(3) in subsection (c) of section 104C (as redesignated by subsection (a)(3) of this section), by inserting “and section 104A” after “section 104(c)”;
(4) in subsection (c) of section 104D (as redesignated by subsection (a)(3) of this section), by inserting “and section 104A” after “section 104(c)”;
(5) in the first sentence of section 119(c), by striking “section 104(c)(2), relating to Child Survival Fund” and inserting “section 104A”; and
(A) in paragraph (1), by striking “section 104A(g)(1)” and inserting “section 104B(g)(1)”; and
(B) in paragraph (3), by striking “section 104A(g)(3)” and inserting “section 104B(g)(3)”.
(a) Strategy required.—The President shall develop and implement a comprehensive United States Government strategy to reduce mortality and improve the health of newborns, children, and mothers in developing countries.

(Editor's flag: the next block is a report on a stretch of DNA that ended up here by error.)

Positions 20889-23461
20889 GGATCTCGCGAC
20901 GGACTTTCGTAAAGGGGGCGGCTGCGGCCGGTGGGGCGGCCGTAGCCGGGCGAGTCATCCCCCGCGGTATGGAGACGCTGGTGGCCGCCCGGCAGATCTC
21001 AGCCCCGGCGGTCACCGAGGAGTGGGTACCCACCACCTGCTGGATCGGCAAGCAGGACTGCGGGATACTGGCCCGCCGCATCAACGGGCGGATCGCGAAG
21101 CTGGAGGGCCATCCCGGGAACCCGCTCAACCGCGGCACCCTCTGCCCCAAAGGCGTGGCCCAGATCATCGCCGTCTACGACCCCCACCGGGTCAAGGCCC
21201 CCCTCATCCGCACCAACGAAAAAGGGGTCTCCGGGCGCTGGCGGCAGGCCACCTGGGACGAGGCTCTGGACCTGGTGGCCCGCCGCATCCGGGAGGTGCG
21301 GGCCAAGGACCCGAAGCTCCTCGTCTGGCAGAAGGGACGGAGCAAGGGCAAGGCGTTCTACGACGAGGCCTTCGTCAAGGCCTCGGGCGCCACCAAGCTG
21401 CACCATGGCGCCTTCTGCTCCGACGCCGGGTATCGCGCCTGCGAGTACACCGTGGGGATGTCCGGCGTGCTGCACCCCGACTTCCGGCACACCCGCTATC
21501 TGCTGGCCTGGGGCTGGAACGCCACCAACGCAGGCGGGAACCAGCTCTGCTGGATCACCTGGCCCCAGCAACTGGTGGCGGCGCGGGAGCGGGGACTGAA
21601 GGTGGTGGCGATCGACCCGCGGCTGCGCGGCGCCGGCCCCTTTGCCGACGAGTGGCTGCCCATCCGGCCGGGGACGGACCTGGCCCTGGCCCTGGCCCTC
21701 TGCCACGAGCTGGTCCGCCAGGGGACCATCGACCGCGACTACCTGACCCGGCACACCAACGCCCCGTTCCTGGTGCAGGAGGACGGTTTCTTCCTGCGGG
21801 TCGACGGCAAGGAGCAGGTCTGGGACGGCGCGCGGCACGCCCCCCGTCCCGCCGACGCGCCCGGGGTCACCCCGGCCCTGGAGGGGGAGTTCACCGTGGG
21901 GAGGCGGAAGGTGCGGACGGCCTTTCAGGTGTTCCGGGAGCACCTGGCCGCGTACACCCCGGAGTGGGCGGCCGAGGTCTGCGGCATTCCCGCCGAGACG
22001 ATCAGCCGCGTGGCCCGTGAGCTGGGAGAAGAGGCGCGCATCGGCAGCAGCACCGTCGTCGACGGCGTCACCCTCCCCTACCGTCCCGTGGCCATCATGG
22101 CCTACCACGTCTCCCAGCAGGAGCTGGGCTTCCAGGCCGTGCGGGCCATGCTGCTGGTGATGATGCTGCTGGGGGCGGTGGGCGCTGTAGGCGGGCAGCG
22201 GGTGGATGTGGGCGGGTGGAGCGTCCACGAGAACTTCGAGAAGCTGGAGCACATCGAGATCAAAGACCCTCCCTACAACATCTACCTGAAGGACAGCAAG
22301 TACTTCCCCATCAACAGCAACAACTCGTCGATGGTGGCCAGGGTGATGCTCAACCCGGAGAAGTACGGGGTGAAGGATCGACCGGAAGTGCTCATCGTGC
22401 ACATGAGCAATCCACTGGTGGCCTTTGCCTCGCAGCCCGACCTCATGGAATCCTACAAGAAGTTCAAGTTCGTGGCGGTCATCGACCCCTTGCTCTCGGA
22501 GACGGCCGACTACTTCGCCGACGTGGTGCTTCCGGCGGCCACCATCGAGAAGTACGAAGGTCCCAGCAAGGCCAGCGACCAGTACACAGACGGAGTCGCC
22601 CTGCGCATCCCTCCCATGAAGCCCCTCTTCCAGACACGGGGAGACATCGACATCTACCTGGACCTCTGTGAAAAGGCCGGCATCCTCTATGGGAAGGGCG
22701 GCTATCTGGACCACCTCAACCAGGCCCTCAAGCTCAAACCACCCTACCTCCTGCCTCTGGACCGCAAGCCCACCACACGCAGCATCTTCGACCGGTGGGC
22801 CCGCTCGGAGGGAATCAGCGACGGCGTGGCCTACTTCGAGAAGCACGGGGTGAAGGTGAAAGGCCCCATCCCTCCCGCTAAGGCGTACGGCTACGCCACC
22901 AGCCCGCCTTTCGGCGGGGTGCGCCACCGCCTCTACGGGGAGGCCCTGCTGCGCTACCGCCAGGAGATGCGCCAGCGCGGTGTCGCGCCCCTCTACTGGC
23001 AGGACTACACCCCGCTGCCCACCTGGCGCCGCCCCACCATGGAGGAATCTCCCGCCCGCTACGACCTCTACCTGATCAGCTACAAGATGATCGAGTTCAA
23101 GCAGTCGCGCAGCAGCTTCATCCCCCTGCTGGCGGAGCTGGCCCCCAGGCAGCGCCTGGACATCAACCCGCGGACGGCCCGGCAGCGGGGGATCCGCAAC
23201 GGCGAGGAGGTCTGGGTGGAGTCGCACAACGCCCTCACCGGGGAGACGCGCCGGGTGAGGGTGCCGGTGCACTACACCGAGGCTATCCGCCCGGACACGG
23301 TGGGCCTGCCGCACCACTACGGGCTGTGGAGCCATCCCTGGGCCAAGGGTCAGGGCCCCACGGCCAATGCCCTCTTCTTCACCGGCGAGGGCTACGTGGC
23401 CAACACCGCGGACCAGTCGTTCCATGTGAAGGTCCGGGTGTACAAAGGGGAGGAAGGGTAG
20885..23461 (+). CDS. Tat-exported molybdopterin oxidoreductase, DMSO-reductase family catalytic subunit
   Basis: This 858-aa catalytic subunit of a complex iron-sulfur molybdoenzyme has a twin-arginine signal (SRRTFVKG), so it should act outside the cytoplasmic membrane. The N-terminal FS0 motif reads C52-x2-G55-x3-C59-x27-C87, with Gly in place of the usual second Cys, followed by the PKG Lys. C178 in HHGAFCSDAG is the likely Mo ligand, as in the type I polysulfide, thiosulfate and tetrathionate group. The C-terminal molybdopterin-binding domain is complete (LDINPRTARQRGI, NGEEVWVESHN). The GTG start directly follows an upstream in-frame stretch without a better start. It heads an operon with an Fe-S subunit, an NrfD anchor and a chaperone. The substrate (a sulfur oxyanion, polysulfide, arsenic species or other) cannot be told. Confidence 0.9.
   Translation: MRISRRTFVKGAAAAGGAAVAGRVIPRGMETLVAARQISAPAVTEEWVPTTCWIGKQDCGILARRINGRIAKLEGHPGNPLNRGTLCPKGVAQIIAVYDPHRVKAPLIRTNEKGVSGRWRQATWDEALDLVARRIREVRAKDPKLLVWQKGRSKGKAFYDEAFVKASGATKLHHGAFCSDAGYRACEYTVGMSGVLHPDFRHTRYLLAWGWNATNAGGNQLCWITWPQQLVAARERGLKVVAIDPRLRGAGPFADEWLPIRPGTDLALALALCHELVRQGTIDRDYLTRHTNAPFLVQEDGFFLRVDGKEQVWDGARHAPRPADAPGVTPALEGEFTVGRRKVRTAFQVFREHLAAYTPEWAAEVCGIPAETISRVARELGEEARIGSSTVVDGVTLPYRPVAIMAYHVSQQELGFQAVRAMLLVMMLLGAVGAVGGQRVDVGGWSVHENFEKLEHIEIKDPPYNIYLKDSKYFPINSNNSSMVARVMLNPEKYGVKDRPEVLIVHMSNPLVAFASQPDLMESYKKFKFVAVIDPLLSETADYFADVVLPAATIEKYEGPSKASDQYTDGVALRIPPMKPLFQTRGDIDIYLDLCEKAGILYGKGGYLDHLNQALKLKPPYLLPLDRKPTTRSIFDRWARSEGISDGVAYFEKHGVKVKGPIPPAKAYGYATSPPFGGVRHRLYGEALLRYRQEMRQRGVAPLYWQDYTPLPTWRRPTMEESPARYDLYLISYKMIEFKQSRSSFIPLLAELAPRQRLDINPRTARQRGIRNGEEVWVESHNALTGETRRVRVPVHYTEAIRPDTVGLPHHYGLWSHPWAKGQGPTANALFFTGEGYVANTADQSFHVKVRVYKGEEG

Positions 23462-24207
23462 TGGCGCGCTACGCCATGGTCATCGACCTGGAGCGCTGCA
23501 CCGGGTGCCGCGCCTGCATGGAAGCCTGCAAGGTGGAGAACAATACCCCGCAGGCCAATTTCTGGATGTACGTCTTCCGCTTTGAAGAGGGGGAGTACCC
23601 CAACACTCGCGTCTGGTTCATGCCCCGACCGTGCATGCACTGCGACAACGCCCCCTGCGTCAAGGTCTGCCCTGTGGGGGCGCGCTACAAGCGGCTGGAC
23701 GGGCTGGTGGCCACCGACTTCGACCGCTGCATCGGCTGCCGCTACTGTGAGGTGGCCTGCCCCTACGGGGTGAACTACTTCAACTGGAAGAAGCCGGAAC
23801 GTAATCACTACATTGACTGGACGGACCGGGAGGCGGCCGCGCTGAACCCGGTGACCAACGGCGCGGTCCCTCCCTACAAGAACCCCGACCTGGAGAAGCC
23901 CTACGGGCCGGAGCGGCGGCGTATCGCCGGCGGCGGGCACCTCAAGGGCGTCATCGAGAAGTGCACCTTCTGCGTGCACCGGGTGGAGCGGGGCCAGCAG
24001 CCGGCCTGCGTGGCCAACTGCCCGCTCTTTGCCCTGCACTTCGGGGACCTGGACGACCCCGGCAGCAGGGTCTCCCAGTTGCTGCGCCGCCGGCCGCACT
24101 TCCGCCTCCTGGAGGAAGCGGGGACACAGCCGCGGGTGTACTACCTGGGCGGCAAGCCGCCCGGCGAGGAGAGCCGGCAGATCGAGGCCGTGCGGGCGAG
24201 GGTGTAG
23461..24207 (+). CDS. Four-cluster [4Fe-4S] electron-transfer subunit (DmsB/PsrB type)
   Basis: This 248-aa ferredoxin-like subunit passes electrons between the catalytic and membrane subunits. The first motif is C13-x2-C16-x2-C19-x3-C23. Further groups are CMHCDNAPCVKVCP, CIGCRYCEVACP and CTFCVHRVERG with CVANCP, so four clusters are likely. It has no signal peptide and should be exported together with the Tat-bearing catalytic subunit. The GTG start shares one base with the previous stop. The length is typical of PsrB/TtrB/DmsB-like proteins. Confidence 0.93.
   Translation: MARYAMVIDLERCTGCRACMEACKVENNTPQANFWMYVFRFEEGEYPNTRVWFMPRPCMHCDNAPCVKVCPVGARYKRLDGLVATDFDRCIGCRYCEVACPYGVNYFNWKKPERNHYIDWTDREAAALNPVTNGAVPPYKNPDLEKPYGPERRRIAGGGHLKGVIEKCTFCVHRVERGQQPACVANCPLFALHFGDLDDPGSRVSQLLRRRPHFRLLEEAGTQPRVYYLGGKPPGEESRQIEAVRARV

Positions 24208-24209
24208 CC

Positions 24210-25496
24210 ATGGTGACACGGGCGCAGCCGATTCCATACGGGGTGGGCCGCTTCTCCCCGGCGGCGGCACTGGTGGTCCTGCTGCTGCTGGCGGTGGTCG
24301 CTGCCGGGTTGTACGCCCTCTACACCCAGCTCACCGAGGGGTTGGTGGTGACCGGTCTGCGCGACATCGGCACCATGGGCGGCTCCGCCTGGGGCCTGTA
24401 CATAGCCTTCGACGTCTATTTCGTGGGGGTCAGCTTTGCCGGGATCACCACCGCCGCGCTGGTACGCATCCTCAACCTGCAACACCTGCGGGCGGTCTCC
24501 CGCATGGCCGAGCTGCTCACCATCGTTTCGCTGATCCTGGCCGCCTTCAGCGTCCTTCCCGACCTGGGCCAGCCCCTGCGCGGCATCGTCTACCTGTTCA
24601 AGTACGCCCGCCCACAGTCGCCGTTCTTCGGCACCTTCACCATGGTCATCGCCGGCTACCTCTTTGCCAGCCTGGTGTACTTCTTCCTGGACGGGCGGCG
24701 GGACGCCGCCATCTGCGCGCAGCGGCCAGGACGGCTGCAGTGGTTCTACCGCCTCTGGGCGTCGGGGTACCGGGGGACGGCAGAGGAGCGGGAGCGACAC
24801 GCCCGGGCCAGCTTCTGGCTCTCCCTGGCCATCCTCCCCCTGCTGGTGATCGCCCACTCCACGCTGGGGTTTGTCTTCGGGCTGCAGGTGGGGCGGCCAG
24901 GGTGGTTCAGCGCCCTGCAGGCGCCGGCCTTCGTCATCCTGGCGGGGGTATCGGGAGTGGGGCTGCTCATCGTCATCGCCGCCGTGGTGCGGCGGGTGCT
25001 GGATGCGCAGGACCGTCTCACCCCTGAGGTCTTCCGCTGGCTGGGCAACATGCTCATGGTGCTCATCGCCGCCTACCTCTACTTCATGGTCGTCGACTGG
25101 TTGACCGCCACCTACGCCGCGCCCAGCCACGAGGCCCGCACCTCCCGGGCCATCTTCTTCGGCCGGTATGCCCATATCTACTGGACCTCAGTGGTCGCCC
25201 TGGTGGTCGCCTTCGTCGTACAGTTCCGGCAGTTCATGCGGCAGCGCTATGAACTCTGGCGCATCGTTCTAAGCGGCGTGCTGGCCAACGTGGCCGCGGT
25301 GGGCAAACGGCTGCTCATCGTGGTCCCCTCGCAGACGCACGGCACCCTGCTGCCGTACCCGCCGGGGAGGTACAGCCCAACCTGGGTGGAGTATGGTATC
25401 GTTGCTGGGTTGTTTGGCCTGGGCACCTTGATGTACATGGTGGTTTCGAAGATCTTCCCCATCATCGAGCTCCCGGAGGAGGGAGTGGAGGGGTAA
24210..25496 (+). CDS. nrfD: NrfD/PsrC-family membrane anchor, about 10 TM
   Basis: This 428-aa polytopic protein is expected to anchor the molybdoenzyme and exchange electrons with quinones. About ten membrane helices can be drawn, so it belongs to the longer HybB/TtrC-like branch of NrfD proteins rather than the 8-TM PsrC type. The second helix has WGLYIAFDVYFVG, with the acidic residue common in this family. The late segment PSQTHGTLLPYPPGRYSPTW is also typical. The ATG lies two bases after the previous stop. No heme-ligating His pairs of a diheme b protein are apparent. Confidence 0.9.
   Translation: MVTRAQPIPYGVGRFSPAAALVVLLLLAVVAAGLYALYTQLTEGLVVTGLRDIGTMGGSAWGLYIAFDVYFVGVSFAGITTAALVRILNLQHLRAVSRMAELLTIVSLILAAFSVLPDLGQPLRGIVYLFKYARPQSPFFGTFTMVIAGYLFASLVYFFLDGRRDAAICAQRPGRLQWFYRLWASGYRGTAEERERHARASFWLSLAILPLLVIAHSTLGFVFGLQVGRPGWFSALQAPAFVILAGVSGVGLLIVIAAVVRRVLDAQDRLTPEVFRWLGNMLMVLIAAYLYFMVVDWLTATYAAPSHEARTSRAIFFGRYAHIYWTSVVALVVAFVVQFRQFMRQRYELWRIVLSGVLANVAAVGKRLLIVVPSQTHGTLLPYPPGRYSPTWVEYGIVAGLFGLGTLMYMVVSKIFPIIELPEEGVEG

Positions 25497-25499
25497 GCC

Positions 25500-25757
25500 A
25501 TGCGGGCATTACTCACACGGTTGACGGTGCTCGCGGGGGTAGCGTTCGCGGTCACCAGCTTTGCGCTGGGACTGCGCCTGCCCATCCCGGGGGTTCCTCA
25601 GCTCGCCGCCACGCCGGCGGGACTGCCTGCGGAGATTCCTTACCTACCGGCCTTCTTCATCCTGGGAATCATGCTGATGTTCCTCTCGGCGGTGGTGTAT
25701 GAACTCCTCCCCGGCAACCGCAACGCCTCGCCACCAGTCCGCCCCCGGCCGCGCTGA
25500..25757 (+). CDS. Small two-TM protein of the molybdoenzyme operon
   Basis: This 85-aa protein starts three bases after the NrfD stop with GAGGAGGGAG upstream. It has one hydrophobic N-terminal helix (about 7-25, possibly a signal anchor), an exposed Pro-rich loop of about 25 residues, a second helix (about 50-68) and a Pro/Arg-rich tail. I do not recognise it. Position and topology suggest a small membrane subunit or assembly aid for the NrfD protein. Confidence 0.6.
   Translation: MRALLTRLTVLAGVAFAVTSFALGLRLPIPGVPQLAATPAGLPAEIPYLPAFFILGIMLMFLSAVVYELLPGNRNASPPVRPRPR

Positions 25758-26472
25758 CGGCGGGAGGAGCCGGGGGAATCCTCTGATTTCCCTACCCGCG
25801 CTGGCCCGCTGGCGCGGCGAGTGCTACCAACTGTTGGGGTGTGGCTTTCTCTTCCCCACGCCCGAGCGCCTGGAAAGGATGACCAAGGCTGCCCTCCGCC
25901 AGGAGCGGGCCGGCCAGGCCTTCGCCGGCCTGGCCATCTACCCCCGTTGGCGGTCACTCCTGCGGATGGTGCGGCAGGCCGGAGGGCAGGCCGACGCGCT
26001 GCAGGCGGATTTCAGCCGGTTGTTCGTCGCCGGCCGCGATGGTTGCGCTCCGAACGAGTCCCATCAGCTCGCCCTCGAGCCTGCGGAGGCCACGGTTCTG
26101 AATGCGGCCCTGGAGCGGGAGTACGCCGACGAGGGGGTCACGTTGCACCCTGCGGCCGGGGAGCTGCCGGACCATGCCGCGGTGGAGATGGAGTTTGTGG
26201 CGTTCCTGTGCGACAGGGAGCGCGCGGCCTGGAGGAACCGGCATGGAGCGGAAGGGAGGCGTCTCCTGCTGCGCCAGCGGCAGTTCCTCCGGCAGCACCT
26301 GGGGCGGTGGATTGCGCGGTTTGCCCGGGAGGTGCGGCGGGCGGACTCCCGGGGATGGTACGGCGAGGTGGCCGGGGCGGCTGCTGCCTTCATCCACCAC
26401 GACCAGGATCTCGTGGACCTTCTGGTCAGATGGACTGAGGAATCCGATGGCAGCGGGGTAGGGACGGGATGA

(A) the number and rate of neonatal deaths;
(B) the number and rate of child deaths;
(C) the number and ratio of maternal deaths;
(D) the number and rate of malnourished women of reproductive age; and
(E) the number and rate of malnourished infants and children under the age of 5.
(A) an assessment of the most common causes of newborn, child, and maternal mortality;
(B) a description of the host country's overall health strategy and expenditures, including an assessment of components to specifically reduce newborn, child, and maternal mortality rates;
(C) a description of the programmatic areas and interventions providing maximum health benefits to populations at risk as well as maximum reduction in newborn, child, and maternal mortality;
(D) an assessment of the investments needed in identified programs and interventions to achieve the greatest results;
(E) a description of how United States assistance complements and leverages efforts by other donors, as well as builds capacity and self-sufficiency among recipient countries;
(F) a description of goals and objectives for improving newborn, child, and maternal health, including, to the extent feasible, objective and quantifiable indicators; and